[18:08] Pei: Wow. Great point.

[18:10] Joel: Great stuff. Talking today with Scott Eddy, @mrscotteddy, in the world of Twitter. Also in the world of his website, Mrscotteddy.com. We will include that link along with all of the social media hotspots, including Twitter, of course, in the blog article that accompanies this episode. And Scott, this has been an education, so thank you for that. This has been fun. I'm so excited that you were able to make it on today's show.

[18:44] Scott Eddy: Yeah, it's just funny when we started and got the introduction, I was in Thailand, and now I'm in San Francisco.

[chuckle]

[18:53] Joel: Well, all the best to you. Thanks again for being here and have a wonderful wonderful rest of your day.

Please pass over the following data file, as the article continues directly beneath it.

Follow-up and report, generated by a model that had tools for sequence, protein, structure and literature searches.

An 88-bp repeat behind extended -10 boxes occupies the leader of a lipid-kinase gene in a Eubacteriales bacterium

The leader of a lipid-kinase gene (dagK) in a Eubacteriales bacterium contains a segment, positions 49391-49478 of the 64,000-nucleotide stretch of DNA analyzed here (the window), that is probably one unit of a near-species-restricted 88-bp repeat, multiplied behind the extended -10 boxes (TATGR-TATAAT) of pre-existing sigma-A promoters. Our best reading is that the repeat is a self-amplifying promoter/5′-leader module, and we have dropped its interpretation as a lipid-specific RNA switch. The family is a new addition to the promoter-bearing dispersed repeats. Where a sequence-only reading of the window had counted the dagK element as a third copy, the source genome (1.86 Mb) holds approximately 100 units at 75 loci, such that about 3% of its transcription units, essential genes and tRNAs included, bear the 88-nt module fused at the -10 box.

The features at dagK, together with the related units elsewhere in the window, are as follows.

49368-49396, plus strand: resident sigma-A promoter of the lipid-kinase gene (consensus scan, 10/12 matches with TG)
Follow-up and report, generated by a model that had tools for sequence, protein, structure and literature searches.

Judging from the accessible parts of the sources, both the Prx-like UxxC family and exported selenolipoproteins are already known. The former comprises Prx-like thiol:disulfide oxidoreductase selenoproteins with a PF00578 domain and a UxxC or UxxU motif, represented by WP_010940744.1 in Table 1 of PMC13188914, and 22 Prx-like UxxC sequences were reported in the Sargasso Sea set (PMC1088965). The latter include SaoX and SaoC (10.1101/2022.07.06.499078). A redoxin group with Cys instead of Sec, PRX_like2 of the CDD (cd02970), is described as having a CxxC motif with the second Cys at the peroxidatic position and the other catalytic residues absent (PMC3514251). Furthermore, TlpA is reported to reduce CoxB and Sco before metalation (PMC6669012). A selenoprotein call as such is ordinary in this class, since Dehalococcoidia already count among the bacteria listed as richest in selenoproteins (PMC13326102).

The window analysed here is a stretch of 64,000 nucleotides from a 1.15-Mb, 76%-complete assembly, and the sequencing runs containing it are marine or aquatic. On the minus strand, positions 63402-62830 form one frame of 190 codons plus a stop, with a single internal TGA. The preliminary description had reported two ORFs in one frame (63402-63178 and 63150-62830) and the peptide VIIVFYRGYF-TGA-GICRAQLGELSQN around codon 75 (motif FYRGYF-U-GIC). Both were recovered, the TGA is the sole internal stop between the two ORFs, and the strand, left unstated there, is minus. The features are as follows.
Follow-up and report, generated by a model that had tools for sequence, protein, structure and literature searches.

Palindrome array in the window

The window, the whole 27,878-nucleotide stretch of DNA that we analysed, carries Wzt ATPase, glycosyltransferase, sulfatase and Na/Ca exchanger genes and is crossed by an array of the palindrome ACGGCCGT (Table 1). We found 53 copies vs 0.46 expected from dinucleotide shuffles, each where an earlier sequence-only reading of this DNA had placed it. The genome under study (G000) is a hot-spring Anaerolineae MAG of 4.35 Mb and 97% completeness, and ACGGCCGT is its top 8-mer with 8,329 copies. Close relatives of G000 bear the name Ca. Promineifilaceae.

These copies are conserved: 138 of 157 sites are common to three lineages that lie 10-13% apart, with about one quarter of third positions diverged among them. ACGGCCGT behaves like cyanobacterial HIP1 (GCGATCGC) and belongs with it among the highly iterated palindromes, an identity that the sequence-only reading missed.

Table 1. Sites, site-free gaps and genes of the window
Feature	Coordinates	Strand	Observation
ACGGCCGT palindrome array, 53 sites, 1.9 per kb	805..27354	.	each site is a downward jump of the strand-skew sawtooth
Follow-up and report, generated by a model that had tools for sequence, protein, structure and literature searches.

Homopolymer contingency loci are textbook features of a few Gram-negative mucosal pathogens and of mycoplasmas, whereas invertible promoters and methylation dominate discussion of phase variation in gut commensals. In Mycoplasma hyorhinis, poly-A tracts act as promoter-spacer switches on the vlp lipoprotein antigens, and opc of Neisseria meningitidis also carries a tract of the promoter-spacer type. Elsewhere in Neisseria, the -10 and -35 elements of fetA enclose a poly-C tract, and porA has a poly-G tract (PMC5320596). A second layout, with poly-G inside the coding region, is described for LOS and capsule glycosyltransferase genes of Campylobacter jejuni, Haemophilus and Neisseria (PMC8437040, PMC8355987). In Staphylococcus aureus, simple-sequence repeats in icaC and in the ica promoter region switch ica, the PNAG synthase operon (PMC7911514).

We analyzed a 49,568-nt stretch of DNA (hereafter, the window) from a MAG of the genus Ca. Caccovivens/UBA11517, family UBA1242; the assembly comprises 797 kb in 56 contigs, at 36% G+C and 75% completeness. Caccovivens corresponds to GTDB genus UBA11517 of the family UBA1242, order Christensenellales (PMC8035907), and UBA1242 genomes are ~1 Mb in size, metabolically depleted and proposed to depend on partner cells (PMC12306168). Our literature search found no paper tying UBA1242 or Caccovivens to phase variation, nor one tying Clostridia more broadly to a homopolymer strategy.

[18:59] Scott Eddy: Thanks, guys. Take care.

[19:02] Pei: Thank you so much for tuning in. This is Dr. Pei. You can also access our show from many mobile apps, or by visiting our website. For today's story, just go to joelboggess.com/258. You will also find show transcripts and additional resources to support your relaunch into the life and business you love.

Connect with Scott on Twitter, Facebook, Instagram and his website.

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Joel Boggess

Keynote Speaker | Corporate Trainer | Award-winning podcaster I help teams ignite their courage, take bolder steps, and get greater results. Together, we create possibilities that bring empowerment, meaning, and financial impact.